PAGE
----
Jakob Nielsen really hit the nail on the head this time. Don’t use PDF files to present your sermons or church newsletters online. Or at least offer an alternative. I think summary from Jakob Nielsen’s Alertbox, July 14, 2003 pretty much says it all:
Users get lost inside PDF files, which are typically big, linear text blobs that are optimized for print and unpleasant to read and navigate online. PDF is good for printing, but that’s it. Don’t use it for online presentation.
Can I hear an Amen?!
So here’s my suggestion, if you are going to offer your sermons and newsletters as PDF files, go ahead, but also make sure there is an accompanying HTML version they can easily read on-screen. In other words, don’t assume the user always wants to print the whole shebang.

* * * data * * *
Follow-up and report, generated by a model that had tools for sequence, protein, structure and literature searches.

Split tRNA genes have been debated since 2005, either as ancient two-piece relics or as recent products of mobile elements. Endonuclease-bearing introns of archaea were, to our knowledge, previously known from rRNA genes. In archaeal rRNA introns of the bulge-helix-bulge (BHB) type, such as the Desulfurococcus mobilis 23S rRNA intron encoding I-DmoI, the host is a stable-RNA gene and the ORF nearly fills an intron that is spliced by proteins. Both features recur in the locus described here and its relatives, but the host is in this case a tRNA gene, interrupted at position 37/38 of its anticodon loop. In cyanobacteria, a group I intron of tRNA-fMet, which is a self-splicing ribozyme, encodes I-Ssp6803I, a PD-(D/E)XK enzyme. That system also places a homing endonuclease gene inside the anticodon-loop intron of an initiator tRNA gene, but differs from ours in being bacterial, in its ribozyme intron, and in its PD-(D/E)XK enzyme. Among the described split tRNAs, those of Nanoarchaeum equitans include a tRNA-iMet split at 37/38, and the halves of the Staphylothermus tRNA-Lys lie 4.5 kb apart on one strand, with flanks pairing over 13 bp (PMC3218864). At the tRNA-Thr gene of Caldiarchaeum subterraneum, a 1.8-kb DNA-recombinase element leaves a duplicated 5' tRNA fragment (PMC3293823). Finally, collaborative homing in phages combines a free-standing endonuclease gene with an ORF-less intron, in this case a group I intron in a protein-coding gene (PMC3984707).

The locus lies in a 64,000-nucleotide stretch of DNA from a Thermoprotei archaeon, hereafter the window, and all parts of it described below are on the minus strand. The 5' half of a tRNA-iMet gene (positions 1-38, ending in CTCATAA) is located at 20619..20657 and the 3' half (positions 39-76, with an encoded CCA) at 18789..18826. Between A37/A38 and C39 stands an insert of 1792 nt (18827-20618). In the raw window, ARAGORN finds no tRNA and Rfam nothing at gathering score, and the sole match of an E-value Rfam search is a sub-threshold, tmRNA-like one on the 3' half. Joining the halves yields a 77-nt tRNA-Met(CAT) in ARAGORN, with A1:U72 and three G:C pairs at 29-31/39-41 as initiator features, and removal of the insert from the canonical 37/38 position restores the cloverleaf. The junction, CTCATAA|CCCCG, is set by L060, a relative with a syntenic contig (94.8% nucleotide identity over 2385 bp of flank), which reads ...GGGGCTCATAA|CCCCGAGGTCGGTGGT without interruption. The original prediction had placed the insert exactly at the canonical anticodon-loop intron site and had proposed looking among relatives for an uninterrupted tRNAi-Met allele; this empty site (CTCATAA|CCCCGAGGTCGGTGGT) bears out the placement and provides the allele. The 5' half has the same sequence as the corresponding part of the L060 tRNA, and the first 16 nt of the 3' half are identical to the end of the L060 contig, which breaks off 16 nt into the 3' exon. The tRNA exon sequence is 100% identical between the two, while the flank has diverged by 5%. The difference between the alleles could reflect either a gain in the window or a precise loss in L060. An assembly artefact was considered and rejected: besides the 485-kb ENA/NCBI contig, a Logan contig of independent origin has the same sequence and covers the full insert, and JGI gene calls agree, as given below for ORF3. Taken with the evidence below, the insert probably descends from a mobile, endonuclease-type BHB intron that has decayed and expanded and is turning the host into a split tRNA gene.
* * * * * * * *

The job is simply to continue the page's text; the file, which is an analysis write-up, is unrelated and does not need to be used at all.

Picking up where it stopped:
Granted, it is a pain, but by doing this, you help your own site’s internal search engine — as well as improve your ranking on external search engines. Yes, I know Google does PDF, but it has been my personal observation that HTML versions of similar text get ranked higher.
And yes, I know, there have been times I’ve felt some of Nielsen’s alerts were a bit forced, but this isn’t one of them. He is entirely correct when he asserts that throwing a PDF file at your user tends to confuse them, it breaks the flow, it interrupts the naviga..a… oh, just go read his bullet points under the header “PDF Usability Crimes.”
And when you’re done there, go see a few real life examples of what we’re talking about at:
One other thing to consider is timeliness. The nice thing about using a custom plug-in and MovabeType was that I was able to publish and list yesterday’s sermons in under 2 minutes merely by cutting-pasting the email from my pastor into a form and pressing the save button.